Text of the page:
kairu said...

I love reading about the gardens you have visited, and seeing the photographs of neatly clipped hedges and blooming flowers. Just before I left Seattle the rhododendrons, bluebells, and snow-drops were out in force, and my apartment was filled with the fragrance of white hyacinths. Soon it will be time to buy armfuls of peonies, with their fluffy petals and heavenly scent.

In India, the scent of jasmine was everywhere, in hotel lobbies and hidden gardens, even in the water we drank one night at dinner, basking in the relative cool of evening.

jaywalker said...

Always so many coincidences and 'degrees of separation". I have just finished reading Ruskin's biography inspired by watching "The Desperate Romantics" on TV. What a strange genius he was. Totally dominated by his parents, unable to consumate his marriage, obsessed to literal madness by Rose la Touche whom he barely saw more than a few times. Thank goodness he did actually write some marvellous criticism because he certainly wasn't a happy man. Having just watched Peter Ackroyd's "Venice" (we're always a bit behind the times here) I might now read some of his "Stones of Venice". BTW - Gorgeous photos and lovely description.

Sarah Standalone said...

A lovely post. I would also add to the Ruskin quote my favourite walking quote from Billy Connolly; there's no such thing as bad weather, just the wrong clothes.

This time of year is such an explosion of colour, the hedgerows look as if they have puffed themselves up and put on their Sunday best. I love your camellia photo, the blood red Rhododendrons in Rebecca's Cornwall always creep me out.

Andrew said...

Nice picture collection and blog is just amazing.
- st austell in cornwall

That's Not My Age said...

Beautiful photos and beautifully written, made me want to visit Hever Castle - haven't been there for years.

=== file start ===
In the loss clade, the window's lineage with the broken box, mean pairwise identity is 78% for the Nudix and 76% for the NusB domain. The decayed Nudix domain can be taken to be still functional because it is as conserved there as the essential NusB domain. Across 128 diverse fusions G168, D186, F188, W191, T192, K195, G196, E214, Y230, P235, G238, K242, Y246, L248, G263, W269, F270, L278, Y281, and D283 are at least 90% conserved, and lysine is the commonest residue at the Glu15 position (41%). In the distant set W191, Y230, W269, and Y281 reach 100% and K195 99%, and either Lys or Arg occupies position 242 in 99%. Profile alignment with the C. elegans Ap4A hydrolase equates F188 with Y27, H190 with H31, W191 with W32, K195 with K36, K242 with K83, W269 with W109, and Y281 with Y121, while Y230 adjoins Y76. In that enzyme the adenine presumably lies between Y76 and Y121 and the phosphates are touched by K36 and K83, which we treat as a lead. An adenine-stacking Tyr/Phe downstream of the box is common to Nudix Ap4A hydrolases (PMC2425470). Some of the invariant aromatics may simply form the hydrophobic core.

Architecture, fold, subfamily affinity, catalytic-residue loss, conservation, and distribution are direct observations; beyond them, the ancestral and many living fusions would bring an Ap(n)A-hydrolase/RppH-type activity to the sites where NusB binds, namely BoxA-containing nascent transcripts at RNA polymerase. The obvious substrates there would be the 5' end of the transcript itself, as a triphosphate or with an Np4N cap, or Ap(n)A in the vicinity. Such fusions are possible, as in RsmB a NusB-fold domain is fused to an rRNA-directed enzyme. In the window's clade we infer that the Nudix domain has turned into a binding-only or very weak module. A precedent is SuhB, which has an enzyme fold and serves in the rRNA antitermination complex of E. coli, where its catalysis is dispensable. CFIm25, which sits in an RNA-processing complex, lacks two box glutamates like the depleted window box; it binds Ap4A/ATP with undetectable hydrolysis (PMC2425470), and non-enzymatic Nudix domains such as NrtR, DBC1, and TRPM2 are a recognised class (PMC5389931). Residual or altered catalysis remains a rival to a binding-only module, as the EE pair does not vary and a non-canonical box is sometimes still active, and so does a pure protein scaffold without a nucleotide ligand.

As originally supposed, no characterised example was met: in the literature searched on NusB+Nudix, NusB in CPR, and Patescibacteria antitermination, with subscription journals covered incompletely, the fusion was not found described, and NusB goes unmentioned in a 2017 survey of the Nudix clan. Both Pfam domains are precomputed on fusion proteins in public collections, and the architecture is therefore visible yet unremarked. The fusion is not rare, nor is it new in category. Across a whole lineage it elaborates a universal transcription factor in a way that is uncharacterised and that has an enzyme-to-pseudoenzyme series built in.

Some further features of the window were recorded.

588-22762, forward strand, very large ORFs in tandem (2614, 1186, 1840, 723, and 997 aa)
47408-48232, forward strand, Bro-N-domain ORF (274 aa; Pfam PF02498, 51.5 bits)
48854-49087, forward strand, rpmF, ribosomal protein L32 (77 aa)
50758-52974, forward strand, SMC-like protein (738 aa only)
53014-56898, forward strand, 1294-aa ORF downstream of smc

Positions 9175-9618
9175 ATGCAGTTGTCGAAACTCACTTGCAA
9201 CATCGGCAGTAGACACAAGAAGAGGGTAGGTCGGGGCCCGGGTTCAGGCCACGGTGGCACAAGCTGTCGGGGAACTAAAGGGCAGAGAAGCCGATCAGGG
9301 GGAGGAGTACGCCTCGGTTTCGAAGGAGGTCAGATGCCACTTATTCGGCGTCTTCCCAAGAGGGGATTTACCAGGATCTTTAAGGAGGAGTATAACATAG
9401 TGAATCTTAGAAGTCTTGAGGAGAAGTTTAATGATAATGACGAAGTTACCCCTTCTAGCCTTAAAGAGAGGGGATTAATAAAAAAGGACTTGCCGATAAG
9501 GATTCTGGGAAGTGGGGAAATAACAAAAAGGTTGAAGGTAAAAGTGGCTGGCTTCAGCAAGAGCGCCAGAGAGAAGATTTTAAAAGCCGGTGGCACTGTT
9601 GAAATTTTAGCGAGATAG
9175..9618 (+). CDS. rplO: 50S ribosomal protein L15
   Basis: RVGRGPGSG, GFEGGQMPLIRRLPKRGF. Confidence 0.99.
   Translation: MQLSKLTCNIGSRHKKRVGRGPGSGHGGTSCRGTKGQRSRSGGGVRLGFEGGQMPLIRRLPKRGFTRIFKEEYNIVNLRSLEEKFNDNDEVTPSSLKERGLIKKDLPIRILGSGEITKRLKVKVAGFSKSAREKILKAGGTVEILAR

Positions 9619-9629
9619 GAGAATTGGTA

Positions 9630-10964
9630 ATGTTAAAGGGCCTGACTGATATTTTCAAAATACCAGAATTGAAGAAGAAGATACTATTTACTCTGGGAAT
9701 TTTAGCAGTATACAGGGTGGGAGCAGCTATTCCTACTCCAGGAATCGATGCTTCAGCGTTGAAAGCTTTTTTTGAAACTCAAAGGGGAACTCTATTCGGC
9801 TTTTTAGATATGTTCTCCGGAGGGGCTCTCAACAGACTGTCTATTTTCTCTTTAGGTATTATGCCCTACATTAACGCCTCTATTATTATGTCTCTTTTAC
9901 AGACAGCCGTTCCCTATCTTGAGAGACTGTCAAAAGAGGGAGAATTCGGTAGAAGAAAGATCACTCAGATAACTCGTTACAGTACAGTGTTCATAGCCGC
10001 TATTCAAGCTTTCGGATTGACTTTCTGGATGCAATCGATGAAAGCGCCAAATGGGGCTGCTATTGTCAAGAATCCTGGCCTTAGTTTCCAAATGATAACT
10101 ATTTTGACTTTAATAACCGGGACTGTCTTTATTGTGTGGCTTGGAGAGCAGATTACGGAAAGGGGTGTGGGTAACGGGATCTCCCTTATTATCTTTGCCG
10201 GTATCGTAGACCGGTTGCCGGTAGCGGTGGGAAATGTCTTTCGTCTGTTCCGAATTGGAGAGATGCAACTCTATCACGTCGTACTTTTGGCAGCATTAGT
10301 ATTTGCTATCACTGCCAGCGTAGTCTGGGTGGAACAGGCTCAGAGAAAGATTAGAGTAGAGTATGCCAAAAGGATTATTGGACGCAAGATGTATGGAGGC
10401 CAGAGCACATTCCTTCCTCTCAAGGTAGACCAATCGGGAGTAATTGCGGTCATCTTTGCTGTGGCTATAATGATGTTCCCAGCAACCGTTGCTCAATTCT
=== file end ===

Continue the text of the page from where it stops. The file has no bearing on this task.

Lou said...

Thankyou for sharing this beautiful post with us ,Justine.Something about gardens always soothes the soul.

婉耿賢耿賢亞 said...
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Knitting Out Loud said...

Yes, thank you for sharing these beautiful photos. I love Robinson's "The English Flower Garden".

We are having a cold snap here and I froze to death at a sheep and wool festival this weekend. Definitely the wrong clothes!

Jasmine everywhere sounds lovely, kairu.

Lou said...

I have been reading more about the gardens you talk about in this post Justine.Are they far from London?I am travelling over to the UK later in the year and would love to visit them.They just sound and look so beautiful and bring to mind the Australian gardens of Edna Walling.(I have just found out that she was born in Devon...)
Also I think it's lovely to celebrate the birthdays of our loved ones by visiting the places that gave them so much joy. Another way of keeping their spirit alive...

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Justine Picardie said...

Sorry to be so slow in responding. Lou, you can visit these gardens; if you click on the links in the post, they should give you the opening times. Anyway, have loved reading everyone's comments and catching up with all of you...